In the previous article we explained why it is important to reduce the number of places where you collect new information. In this article, we explain again how to efficiently incorporate those gathering places into your Time Management system. Your gathering places are not places to organise work. That’s what you do in a system. The bridge between the two? OHIO.
We are very much in favour of: one mailbox instead of five, one notepad instead of three, one pile of mail instead of spreading it all over your office. Why is this more convenient? Because you only get a certain amount of new information.
If you spread that new information out over more gathering places than necessary, it will not only take you more time to organise everything, but you will also lose the overview and start making mistakes or worse setting the wrong priorities.
But a gathering place is not a system
Your mailbox is not a system, the pile on your desk is not a system and your notes are not a system either. They are gathering places. Your Time Management system is a system.
Why is a system more convenient?
What enables you to see more quickly how much work you have and to decide what has priority: a pile of 20 emails or a list of 20 tasks? The list of 20 tasks, of course. The same goes for a stack of 20 requests. In both cases, the same thing applies: in a to-do list, you can choose what has priority. You choose the work, not the other way around.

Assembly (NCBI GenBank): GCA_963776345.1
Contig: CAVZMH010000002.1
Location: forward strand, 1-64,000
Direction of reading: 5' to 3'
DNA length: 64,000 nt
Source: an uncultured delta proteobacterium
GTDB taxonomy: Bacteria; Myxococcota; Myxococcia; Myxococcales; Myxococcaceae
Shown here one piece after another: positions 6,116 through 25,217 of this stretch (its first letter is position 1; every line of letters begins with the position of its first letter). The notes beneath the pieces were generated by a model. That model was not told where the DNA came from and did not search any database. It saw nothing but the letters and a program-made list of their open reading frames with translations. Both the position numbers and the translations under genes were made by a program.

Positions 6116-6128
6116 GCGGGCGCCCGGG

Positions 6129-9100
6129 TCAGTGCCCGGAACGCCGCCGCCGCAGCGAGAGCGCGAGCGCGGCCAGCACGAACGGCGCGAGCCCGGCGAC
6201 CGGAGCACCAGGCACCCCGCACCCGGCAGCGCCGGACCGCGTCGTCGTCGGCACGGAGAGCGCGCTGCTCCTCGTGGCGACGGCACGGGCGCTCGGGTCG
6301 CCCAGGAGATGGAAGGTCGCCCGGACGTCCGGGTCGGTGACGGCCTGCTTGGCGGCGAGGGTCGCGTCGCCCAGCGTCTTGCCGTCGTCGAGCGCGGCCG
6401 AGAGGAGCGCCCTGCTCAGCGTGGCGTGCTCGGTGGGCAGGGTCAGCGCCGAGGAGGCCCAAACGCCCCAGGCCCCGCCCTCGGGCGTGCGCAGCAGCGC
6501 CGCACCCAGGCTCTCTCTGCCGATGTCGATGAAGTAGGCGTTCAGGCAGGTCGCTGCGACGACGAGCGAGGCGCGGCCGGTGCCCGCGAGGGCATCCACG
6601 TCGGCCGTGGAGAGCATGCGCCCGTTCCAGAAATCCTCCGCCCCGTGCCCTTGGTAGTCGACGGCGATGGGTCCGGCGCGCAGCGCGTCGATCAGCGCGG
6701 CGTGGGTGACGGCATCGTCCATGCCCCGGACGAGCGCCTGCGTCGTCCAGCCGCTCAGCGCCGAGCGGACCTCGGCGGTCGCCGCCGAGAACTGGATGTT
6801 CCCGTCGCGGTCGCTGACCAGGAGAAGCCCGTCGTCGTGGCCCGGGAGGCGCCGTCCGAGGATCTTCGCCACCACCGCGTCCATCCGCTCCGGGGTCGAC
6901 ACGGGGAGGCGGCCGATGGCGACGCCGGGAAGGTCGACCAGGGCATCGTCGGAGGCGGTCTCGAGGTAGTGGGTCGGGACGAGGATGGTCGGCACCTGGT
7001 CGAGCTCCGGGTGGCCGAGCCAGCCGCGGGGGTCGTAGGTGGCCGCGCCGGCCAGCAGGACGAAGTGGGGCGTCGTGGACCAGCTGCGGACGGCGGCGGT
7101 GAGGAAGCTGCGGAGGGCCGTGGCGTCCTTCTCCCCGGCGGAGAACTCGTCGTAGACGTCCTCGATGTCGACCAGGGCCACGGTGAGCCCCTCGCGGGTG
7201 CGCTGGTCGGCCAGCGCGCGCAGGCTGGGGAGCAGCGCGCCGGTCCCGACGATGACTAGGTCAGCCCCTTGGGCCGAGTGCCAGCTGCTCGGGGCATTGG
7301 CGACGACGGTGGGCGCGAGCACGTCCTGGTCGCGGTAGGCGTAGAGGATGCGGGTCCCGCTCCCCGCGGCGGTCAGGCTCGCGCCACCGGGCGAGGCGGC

It is therefore important that you process your gathering places regularly. The following principles apply here:
- You process the gathering places as often as necessary and not once more.
You probably don’t run to the letterbox at home every time you hear clattering. Do you? At the end of the day, you walk to your mailbox and pick up the mail. And if you forget it for a week? Probably not a disaster. Mail is not in such a hurry.The same goes for your other gathering places.
- Really sit down and focus on processing.
When you start processing the information you have collected, don’t do anything else. You are going to create an overview and nothing but that.
- Don’t stop until the gathering place is empty.
Whether you are processing your mailbox, a pile on your desk or your notes: everything has to go. You don’t leave anything lying around and you certainly don’t put anything back under the motto: “I don’t feel like it”. It has to be empty.
- Work according to the OHIO method.
Force yourself to make a decision about everything and work according to this proven method.
Ohio – only handle it once
The OHIO system – an acronym for ‘Only Handle It Once’. Handle something only once.
You do that by processing new input and making a decision about everything. As soon as input comes your way, but also when you open an e-mail, have an invoice in your hands or a spontaneous idea pops into your head.
You decide immediately and on the spot what you will do with the new input, as soon as it arises.
And the OHIO model offers you a number of options:
- Do immediately
- Do later
Let us elaborate on these points: